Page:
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Lactobacillus

Lactobacillus

Lactobacillus is the name given to a group of Gram-negative bacteria that do not form spores but derive energy from the conversion of the sugar glucose into another sugar known as lactose. The name of the genus derives from the distinctive sugar use. Lactobacillus has a number of commercial uses, especially in aspects of dairy production, including the manufacture of yogurt. As well, Lactobacillus is part of the normal microbial population of the human adult vagina, where it exerts a protective effect.

Prominent examples of the genus include Lactobacillus acidophilus, Lactobacillus GG, Bifidobacterium bifidum, and Bifidobacterium longum.

A distinctive feature of the members of the genus Lactobacillus is the formation of lactic acid from glucose. This is the property that confers the sour taste to natural, Lactobacillus -containing yogurt. As well, the lactic acid lowers the pH of the environment that the bacteria dwell in. In the case of the vagina, this acidic change can inhibit the growth of other, harmful invading bacteria. Consistent with this, the use of suppositories containing Lactobacillus species has been successful in controlling recurrent bacterial vaginal infections. Similarly, use of the bacterium has been promising in the control and prevention of recurrent urinary tract infections.

Aside from the exclusion of bacteria due to the pH alteration in the vagina or urinary tract, Lactobacillus also adheres to cells lining the vagina and the urinary tract, and colonizes these surfaces. The luxuriant growth of these bacteria excludes other bacteria from gaining a foothold. This phenomenon is known as competitive exclusion.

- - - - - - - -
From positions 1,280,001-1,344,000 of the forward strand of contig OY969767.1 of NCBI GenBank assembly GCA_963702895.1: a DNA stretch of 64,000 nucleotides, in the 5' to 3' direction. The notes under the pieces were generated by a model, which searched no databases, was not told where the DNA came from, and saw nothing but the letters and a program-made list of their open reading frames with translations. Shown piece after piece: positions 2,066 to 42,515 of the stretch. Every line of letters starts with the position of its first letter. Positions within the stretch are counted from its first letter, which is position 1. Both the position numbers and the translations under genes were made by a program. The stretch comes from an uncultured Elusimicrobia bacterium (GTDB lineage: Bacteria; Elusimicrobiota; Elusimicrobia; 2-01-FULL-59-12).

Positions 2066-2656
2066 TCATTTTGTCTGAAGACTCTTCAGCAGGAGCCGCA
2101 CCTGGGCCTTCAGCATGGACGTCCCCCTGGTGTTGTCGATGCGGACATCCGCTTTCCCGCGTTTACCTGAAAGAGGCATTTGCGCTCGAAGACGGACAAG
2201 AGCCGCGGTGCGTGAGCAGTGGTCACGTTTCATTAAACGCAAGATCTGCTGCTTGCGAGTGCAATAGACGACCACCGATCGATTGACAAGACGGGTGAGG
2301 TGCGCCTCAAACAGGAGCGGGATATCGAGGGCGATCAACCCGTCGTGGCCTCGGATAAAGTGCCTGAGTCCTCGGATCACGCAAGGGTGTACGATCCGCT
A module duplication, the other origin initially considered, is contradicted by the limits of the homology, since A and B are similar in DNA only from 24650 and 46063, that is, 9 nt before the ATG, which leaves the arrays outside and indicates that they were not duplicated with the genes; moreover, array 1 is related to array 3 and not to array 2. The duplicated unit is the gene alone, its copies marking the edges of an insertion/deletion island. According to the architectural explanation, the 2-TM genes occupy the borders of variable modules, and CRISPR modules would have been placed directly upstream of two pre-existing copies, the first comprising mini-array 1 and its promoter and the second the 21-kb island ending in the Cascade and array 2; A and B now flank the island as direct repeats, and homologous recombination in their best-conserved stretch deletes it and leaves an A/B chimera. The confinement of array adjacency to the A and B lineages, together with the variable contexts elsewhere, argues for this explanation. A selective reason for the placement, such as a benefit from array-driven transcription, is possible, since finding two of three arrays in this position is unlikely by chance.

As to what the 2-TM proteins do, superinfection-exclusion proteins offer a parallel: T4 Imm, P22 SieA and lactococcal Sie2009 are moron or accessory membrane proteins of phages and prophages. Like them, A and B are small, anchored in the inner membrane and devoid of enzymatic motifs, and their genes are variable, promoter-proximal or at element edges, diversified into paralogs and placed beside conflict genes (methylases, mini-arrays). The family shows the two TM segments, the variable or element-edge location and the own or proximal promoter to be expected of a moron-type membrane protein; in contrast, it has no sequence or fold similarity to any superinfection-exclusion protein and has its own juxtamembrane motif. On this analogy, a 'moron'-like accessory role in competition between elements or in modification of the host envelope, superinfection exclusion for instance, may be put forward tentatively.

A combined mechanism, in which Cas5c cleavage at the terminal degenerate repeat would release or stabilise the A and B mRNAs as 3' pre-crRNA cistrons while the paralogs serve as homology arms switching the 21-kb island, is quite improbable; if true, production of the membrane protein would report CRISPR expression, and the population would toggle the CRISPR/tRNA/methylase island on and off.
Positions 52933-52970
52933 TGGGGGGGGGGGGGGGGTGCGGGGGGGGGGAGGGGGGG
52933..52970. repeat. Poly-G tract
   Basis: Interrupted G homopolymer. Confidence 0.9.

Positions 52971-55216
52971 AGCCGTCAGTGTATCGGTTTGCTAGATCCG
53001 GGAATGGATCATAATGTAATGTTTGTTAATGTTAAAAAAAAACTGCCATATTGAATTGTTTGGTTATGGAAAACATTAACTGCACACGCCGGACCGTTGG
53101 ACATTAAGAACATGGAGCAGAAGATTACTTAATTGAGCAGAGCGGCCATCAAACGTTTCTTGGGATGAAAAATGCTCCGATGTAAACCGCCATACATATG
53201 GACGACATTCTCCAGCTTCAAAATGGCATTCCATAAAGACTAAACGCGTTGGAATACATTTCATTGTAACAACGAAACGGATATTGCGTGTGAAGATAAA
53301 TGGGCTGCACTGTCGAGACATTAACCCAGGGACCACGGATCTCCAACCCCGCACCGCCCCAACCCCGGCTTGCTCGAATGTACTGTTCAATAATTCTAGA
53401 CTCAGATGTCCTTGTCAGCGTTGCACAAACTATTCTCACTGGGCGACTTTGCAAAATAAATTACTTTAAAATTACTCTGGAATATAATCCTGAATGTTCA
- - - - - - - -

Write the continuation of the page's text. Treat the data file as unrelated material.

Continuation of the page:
Commercially, Lactobacillus is best known as the basis of yogurt manufacture. A mixture of Lactobacillus bulgaricus or Lactobacillus acidophilus and Streptococcus thermophilus produce the lactic acid that ferments milk.

Yogurt that contains live bacteria usually contains Lactobacillus acidophilus. There is evidence that the persistence of the bacteria in the intestinal tract for up to a week after consuming yogurt increases the number of antibody-secreting cells in the intestine. Also Lactobacillus acidophilus bacteria possess and enzyme called lactase that enables the bacteria are to utilize undigested starches, particularly those in milk, that would otherwise be eliminated from the body.

Yet another benefit of Lactobacillus is the production of beneficial compounds that are used by the body. For example, Lactobacillus acidophilus produces niacin, folic acid, and pyridoxine, a group of compounds that collectively are referred to as the B vitamins.

Another noteworthy strain of Lactobacillus is known as Lactobacillus GG. This strain was isolated from humans in the 1980s by Drs. Sherwood Gorbach and Barry Goldin. The initials of their last names are the basis for the GG designation. Lactobacillus GG has shown great promise as a nutritional supplement because the bacteria are able to survive the passage through the very acidic conditions of the stomach. They then colonize the intestinal tract. There, the bacteria produce a compound that has antibacterial activity. This may help maintain the intestinal tract free from invading bacteria.

See also Microbial flora of the stomach and gastrointestinal tract; Probiotics

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Lactobacillus

Lactobacillus A genus of Gram-positive bacteria in which the cells are ovoid or rod-shaped; most are non-motile. They are chemo-organotrophic, have complex nutritional requirements, and are found in various habitats where carbohydrates are available as nutrients. They rarely cause disease. Some strains are used in the manufacture of certain dairy products, e.g. yoghurt and cheese.

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Lactobacillus

Lactobacillus (lak-toh-bă-sil-ŭs) n. a genus of Gram-positive nonmotile rodlike bacteria that are capable of producing lactic acid from the fermentation of carbohydrates. They are found in fermenting animal and plant products, especially dairy products, and in the alimentary tract and vagina.

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lactobacillus

lactobacillus (pl. lactobacilli) Any one of a group of rod-shaped Gram-positive anaerobic bacteria of the genus Lactobacillus, in which lactic acid is an end product of fermentation. Lactobacilli are important in food technology for the production of cheese, yoghurt, and other foods from milk.

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